15/05/2016 - Schools increasingly need to prepare young people for an interconnected world where they will live and work with people from different backgrounds and cultures. As a first step to understanding young people’s attitudes, values and knowledge of global issues, the OECD is currently working on a new test to be included in the 2018 Programme for International Student Assessment (PISA). At the meeting of G7 Education Ministers that took place in Kurashiki, Japan, on 14 May, Ministers noted that this assessment may well provide a metric to measure progress in this area.
I often use the term ‘digital imperative’ to describe why and how learning needs to be digital, online and embrace both local as well as global learning modes. Digital fluency includes learning in both synchronous and asynchronous learning environments coupled with the ability to create and co create ideas, artefacts, solutions. The potential to use digital and online technologies to learn with the world and impact positively the lives of others is something we did not have when I went to high school….but we have it now, so let’s apply it!
From today, Twitter is cutting back on what types of content will use up its 140-character limit.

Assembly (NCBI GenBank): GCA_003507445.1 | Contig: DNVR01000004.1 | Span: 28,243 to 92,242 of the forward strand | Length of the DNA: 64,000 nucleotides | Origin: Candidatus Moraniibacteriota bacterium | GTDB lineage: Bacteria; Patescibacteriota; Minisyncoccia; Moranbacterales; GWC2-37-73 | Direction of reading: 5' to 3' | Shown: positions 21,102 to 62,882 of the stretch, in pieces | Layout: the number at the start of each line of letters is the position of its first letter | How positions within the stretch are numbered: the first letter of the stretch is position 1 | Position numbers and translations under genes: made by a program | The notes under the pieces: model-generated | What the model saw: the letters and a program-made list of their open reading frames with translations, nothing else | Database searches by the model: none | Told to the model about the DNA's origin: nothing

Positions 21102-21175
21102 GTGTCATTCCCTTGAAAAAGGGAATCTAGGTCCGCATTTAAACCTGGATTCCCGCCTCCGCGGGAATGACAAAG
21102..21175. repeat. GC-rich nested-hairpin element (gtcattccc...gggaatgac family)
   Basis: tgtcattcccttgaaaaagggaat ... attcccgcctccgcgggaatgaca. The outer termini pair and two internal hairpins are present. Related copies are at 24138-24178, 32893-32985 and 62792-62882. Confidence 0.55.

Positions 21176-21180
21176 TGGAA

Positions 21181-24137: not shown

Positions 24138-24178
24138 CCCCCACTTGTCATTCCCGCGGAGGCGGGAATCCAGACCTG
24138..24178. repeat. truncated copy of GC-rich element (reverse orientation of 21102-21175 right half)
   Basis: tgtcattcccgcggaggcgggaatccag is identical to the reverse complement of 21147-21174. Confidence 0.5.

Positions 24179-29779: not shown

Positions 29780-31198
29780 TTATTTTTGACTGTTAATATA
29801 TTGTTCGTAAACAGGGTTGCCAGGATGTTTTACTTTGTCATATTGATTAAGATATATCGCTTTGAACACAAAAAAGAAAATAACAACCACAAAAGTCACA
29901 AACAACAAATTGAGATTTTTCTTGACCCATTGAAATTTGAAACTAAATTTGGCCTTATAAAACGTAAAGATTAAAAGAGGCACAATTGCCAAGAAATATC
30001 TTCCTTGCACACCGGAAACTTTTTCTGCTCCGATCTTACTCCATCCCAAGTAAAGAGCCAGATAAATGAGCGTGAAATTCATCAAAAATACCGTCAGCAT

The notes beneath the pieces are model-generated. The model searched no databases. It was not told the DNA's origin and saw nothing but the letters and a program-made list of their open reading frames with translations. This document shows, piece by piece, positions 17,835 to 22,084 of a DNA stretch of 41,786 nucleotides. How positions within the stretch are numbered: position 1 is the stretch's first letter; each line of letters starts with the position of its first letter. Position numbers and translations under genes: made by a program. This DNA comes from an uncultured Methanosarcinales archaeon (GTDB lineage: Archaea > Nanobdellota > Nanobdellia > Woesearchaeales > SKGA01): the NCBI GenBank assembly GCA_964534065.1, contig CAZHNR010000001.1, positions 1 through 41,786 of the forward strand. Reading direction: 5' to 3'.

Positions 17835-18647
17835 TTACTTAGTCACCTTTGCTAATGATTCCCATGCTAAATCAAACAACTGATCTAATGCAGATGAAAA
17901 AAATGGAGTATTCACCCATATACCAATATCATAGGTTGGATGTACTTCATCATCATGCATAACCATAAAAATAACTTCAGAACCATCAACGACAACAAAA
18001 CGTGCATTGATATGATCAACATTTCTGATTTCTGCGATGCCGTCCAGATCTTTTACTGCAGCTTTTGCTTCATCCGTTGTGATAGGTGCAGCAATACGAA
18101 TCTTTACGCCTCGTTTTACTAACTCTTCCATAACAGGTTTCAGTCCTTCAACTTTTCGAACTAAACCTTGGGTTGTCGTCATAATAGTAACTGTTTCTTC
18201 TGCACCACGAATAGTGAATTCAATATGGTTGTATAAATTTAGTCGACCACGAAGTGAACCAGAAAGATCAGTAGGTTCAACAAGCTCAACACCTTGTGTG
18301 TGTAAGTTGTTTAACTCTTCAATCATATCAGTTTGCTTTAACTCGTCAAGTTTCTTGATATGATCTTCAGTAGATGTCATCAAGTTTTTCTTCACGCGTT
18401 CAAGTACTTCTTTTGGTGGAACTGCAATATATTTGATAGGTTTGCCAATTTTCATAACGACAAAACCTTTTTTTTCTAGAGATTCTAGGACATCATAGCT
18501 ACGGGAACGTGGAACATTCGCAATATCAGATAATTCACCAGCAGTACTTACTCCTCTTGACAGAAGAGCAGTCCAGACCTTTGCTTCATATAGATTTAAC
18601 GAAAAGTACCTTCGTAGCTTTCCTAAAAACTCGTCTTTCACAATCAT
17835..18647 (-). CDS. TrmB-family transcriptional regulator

Now, @names in replies, media attachments (like photos, GIFs, videos, and polls) and quoted Tweets will no longer be counted against the valuable 140 characters that make up a tweet. This allows for richer public conversations that are easier to follow on Twitter and ensures people can attach media to tweets without sacrificing the characters they have to express themselves.
The mission of The Centre for Global Education (TCGE) is to educate 21st Century students for a 21st Century world by providing global learning opportunities, enhanced through technology, informed by sound research and innovative teaching. Through a series of strategic relationships, The Centre has uniquely placed itself as a international hub of technology innovation, higher learning and global education
You don’t need to be a Dickens scholar to understand that for many teachers it is both the best of times and the worst of times. The freedom to choose an assortment of apps, videos and open educational resources that can augment - if not replace - traditional curriculum for any given unit or lesson plan is empowering. Learning how other teachers put these tools into their own practice via Twitter Chats, EdCamps and other collaborative environments is exhilarating.